As opposed to the other two series, Schubert’s A major piano piece is distinctive; it does not form a part of the Schubert canon, it is seldom if ever added to the repertoire of concert pianists. Nothing is known of Schubert’s intentions concerning this piece. Judging by its structure, it has less in common with the lyrical piano pieces, and far more with the slow movements of the piano sonatas. On this basis Schubert researchers assume that it is one of the group of fragments from 1817, which includes a F sharp minor fast movement (D. 570), a D major scherzo and an F sharp major allegro (D. 571), and which, together with the present piece in the second place, form an outline of a complete, though never completed four-movement piano sonata.

Miklós Dolinszky

Gábor Csalog was born in 1960 in Budapest. When he was eleven he was accepted as a specially gifted pupil at the Ferenc Liszt Academy of Music. Among his teachers were Erna Czövek, Dezső Ránki, Zoltán Kocsis, György Kurtág, Pál Kadosa and András Schiff.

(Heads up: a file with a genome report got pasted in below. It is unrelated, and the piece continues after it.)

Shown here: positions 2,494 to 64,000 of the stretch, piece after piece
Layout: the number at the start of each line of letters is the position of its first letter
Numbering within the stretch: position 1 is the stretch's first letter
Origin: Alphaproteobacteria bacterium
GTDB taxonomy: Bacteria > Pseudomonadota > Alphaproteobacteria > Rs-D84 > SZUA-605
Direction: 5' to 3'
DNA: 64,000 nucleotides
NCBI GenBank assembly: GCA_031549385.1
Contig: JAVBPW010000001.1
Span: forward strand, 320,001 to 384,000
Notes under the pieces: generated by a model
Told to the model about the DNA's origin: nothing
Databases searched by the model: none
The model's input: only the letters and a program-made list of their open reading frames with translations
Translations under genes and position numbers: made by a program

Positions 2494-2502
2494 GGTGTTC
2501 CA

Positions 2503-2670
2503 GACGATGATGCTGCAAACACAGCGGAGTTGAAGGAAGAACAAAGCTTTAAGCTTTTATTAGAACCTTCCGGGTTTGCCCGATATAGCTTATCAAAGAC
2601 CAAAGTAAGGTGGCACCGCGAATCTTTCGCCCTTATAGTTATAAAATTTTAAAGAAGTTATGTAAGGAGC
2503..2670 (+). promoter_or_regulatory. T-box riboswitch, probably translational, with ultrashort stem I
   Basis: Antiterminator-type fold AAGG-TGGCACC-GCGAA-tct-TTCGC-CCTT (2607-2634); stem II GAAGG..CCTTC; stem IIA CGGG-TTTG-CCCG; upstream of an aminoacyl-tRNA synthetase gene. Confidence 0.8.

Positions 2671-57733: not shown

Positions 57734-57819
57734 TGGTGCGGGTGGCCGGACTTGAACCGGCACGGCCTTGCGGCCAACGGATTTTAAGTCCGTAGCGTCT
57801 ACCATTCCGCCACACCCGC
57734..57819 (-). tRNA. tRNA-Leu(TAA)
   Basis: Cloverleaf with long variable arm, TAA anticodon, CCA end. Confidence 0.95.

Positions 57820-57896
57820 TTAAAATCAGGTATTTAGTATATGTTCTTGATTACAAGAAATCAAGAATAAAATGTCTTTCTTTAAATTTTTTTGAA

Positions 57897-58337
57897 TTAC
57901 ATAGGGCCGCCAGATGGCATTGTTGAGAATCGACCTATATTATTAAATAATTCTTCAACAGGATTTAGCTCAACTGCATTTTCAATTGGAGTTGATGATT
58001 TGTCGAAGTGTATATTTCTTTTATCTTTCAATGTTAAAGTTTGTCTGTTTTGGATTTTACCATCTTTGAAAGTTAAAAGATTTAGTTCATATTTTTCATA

He was a postgraduate student with György Sebők in the U.S. at Indiana University and assistant to professor Sebők for two years. He often plays contemporary music; he even has direct working contact with several Hungarian composers (László Sáry, Gyula Csapó). He has studied and worked with György Kurtág since 1980, often performing and premiering his pieces and assisting in his chamber music courses held in Hungary.

Though he still gives concerts all over Europe, nowadays he is primarily interested in recording music. His wide repertoire includes many seldom-heard pieces. He lives in Budapest and teaches at the Ferenc Liszt Academy of Music and the Bartók Conservatory of Music. He is also the editor of the new urtext edition of the Complete Piano Works of Chopin for Könemann Music Budapest.